'ACSU has no secret dossier of any wrongdoing in IPL II'

'ACSU has no secret dossier of any wrongdoing in IPL II'

Sunday dawned with another such ‘revelation’, London’s Sunday Times claiming that 29 players, including two Australians, are on the ICC’s watch-list for alleged sport-fixing in the second edition of the Indian Premier League in South Africa in 2009, and that the ICC’s Anti-Corruption and Security Unit has prepared a ‘secret dossier’ containing the names of these players.

Deccan Herald has learnt that the ACSU hasn’t produced any such dossier, so there is no question of players supposedly involved in wrongdoing in IPL II being under any scrutiny. It is worth remembering that the ACSU had no role to play in either IPL I or IPL II, and were only brought on board for the third edition of the IPL, held earlier this year in India.
A top source ruled out the existence of the secret dossier, while acknowledging that Lord Paul Condon, the then head of the ACSU, did address the ICC Board on the general threat perception from corruption that surrounded the cricketing world.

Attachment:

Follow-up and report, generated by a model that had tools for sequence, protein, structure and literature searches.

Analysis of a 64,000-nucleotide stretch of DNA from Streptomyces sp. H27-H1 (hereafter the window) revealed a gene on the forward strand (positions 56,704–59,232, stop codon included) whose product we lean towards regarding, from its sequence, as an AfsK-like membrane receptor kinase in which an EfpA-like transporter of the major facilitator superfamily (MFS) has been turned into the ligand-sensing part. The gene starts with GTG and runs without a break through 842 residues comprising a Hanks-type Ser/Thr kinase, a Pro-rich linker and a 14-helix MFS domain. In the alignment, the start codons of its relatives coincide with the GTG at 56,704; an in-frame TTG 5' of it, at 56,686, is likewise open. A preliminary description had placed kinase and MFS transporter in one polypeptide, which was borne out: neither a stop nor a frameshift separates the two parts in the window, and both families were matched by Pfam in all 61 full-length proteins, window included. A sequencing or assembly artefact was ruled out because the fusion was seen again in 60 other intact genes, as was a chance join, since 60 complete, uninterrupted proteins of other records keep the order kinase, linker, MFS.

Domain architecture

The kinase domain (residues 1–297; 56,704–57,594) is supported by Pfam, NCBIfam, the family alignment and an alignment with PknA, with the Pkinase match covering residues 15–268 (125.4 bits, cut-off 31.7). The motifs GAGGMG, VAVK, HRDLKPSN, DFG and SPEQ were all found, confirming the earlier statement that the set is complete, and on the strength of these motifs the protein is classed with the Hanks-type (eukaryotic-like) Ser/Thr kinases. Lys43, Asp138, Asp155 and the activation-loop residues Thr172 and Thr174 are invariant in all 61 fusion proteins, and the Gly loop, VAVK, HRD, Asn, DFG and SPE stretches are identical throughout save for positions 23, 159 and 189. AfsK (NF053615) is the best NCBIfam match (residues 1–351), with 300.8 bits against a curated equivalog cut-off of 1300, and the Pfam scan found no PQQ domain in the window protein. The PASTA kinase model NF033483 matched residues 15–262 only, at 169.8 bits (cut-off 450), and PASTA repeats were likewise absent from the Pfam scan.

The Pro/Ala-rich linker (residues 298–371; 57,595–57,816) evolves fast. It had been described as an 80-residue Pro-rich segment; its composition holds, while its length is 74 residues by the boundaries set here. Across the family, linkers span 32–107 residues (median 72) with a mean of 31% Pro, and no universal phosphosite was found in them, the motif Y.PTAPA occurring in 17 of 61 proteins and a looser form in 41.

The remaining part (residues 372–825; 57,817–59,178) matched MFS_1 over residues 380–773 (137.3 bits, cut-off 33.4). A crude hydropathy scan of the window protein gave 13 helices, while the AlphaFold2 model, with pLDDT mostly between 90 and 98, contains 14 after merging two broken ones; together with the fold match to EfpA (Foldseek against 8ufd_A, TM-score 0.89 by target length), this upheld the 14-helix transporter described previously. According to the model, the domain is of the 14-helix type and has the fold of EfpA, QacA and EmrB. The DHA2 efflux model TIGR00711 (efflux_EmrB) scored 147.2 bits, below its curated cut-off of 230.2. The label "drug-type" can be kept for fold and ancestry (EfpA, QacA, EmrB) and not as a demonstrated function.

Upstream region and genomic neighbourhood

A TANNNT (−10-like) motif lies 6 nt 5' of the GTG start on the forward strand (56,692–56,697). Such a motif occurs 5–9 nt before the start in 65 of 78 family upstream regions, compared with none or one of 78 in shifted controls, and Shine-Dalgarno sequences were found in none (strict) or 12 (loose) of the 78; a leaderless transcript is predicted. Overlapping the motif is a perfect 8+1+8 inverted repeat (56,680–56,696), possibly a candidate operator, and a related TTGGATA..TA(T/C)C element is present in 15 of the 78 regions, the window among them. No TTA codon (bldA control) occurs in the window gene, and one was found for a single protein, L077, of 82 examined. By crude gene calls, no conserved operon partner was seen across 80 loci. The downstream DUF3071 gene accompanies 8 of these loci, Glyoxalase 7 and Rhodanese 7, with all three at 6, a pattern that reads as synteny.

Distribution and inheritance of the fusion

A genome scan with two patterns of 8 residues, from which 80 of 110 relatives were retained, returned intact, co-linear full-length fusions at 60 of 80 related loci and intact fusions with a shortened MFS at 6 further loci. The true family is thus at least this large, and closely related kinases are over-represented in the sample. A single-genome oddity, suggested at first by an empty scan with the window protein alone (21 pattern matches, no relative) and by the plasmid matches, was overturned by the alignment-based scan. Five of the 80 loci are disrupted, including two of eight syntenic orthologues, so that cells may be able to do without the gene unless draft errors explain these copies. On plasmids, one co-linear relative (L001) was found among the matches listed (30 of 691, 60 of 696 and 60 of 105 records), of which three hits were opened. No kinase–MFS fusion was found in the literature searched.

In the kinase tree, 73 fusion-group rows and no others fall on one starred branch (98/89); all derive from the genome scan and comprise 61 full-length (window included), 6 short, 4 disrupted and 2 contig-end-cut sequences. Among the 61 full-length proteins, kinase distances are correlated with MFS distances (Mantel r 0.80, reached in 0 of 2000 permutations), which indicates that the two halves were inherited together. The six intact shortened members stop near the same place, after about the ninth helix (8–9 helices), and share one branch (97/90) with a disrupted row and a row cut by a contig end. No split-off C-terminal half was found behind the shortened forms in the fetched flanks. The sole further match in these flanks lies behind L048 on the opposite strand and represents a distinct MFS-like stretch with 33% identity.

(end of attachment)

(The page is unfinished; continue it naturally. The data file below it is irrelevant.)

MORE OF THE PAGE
“At that time, the IPL was in the limelight, so he did mention that he had heard accusations of irregularities, but at no stage was any report prepared,” the source added.

The IPL did not enter an arrangement with the ICC for the ACSU to be involved in the premier domestic Twenty20 tournament in the world until the third edition. While it is true that the ICC had offered the services of the ACSU from IPL I onwards, the IPL had its own anti-corruption mechanism in place, perhaps put off by the fee of $1.2 million sought by the ICC for the ACSU’s services.

By IPL III, the authorities decided not to take any chances, given the huge numbers of international players involved and the stakes that the IPL entailed. The report in the English daily is perhaps an off-shoot of Condon’s address this May at Lord’s when, among other things, he said he couldn’t give IPL I or II a ‘clean bill of health.’ “IPL I and II we were worried about, not because we think there were huge fixes, but because there was no infrastructure to prevent it,” Condon had said.

“That doesn't mean to say matches were fixed in IPL I and II, but nor can I, hand on heart, give it a clean bill of health. I just don't know. “In IPL III, the ACSU was heavily involved, there was an education programme, and we've got no current intelligence, or information, or ongoing enquiries, which suggest anything other than IPL III was a clean event in terms of spot-fixing.”

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